Oil Tech Program, GCCC
Steve Quakenbush email@example.com
5:11 PM (15 hours ago)
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GARDEN CITY COMMUNITY COLLEGE
NEWS RELEASE DATE: July 24, 2012 FOR USE: Now CONTACT: Steve Quakenbush, 620-276-9627
GCCC LAUNCHING NEW PROGRAM IN OIL TECHNOLOGY
Regents approve training for careers in exploration and production
Southwest Kansans interested in careers in the fast-growing U.S. energy field can count on Garden City Community College. GCCC has received approval from the Kansas Board of Regents to initiate a new Oil Technology Program.
The program is designed so that participants can take a set of core classes, and then focus on one of two options:
• Oil exploration
• Oil production
Those who enroll, according to the newly approved plan, can develop real-world job skills in the process of drilling and extraction of oil from underground reservoirs.
Students will be able to earn stackable credentials and can choose an exploration certificate, involving 22 college credit hours, or a production certificate, including 36 credit hours. Either can lead to an associate in applied science degree, based on completion of 67 credit hours.
“I have been convinced since I first arrived in Garden City that the region of Southwest Kansas offers some tremendous potential for growth and development, and this program will clearly support and underscore that potential by imparting the skills and knowledge necessary to capitalize on our natural resources,” said Dr. Herbert J. Swender, GCCC president.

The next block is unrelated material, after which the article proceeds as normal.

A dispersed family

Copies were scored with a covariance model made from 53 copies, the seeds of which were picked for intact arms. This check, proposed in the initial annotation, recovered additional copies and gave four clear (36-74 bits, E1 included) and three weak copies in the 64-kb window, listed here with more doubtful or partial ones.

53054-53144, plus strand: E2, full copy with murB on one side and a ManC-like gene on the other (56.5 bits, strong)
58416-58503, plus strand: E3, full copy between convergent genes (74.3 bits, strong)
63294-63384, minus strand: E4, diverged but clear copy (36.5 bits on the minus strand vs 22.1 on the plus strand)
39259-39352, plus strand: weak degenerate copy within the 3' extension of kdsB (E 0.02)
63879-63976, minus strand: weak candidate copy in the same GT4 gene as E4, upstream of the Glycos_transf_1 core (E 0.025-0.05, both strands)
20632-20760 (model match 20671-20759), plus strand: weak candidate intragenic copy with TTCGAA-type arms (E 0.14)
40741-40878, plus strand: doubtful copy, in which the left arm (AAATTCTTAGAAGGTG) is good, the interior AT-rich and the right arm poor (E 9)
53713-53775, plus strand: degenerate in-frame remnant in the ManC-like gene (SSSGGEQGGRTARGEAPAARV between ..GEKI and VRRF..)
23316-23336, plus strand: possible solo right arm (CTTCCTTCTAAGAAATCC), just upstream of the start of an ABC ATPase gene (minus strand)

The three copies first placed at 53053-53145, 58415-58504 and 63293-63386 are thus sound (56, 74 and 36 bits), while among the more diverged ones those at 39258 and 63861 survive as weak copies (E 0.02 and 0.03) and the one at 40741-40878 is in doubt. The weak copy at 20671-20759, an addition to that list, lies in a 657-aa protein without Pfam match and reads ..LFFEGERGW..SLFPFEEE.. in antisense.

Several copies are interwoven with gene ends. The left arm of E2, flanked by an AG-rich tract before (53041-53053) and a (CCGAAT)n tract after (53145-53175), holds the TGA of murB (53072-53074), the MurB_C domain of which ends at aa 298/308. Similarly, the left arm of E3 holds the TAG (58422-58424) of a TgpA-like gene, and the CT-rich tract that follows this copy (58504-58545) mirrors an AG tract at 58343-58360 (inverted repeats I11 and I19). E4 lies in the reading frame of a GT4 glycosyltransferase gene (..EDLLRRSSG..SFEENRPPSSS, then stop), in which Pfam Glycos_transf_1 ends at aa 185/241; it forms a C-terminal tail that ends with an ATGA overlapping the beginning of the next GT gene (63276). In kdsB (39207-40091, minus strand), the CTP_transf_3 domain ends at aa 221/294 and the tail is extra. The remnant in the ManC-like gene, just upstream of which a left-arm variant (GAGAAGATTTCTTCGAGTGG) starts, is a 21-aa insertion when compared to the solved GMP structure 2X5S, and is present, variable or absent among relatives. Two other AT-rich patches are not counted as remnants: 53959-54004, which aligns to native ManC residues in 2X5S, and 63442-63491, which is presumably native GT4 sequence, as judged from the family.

“During the time it takes for climate-friendly alternative energy technologies to mature, our nation is going to remain very solidly dependent on fossil fuels,” Swender added. “We will be training the people it takes to make these fuel sources available, and also playing a very significant role in boosting the Kansas economy and strengthening America’s vital energy independence.”
TRADITIONAL & INNOVATIVE TECHNIQUES
The GCCC Board of Trustees approved the program unanimously in May, after it received a green light from the GCCC Curriculum Committee. The proposal subsequently went through a multi-step review process at the state level, including input from the presidents of the 18 other Kansas community colleges, consideration by the KBOR Technical Education Authority’s Program-Curriculum Committee, and by the full Kansas Technical Education Authority and the KBOR Academic Affairs Standing Committee.
The curriculum will involve a series of classroom, lab and field courses covering safety, moving, set-up and operation of equipment used in mineral exploration.
The drilling component of the curriculum focuses on traditional drilling methods as well as directional drilling. In directional drilling, an innovative new process, students will get an overview of wellbores, and learn about two- and three-dimensional controls, drill string design, stuck pipe prevention and blowout prevention. Those who complete the program will be certified to work as geological technicians, petroleum technicians or roustabouts.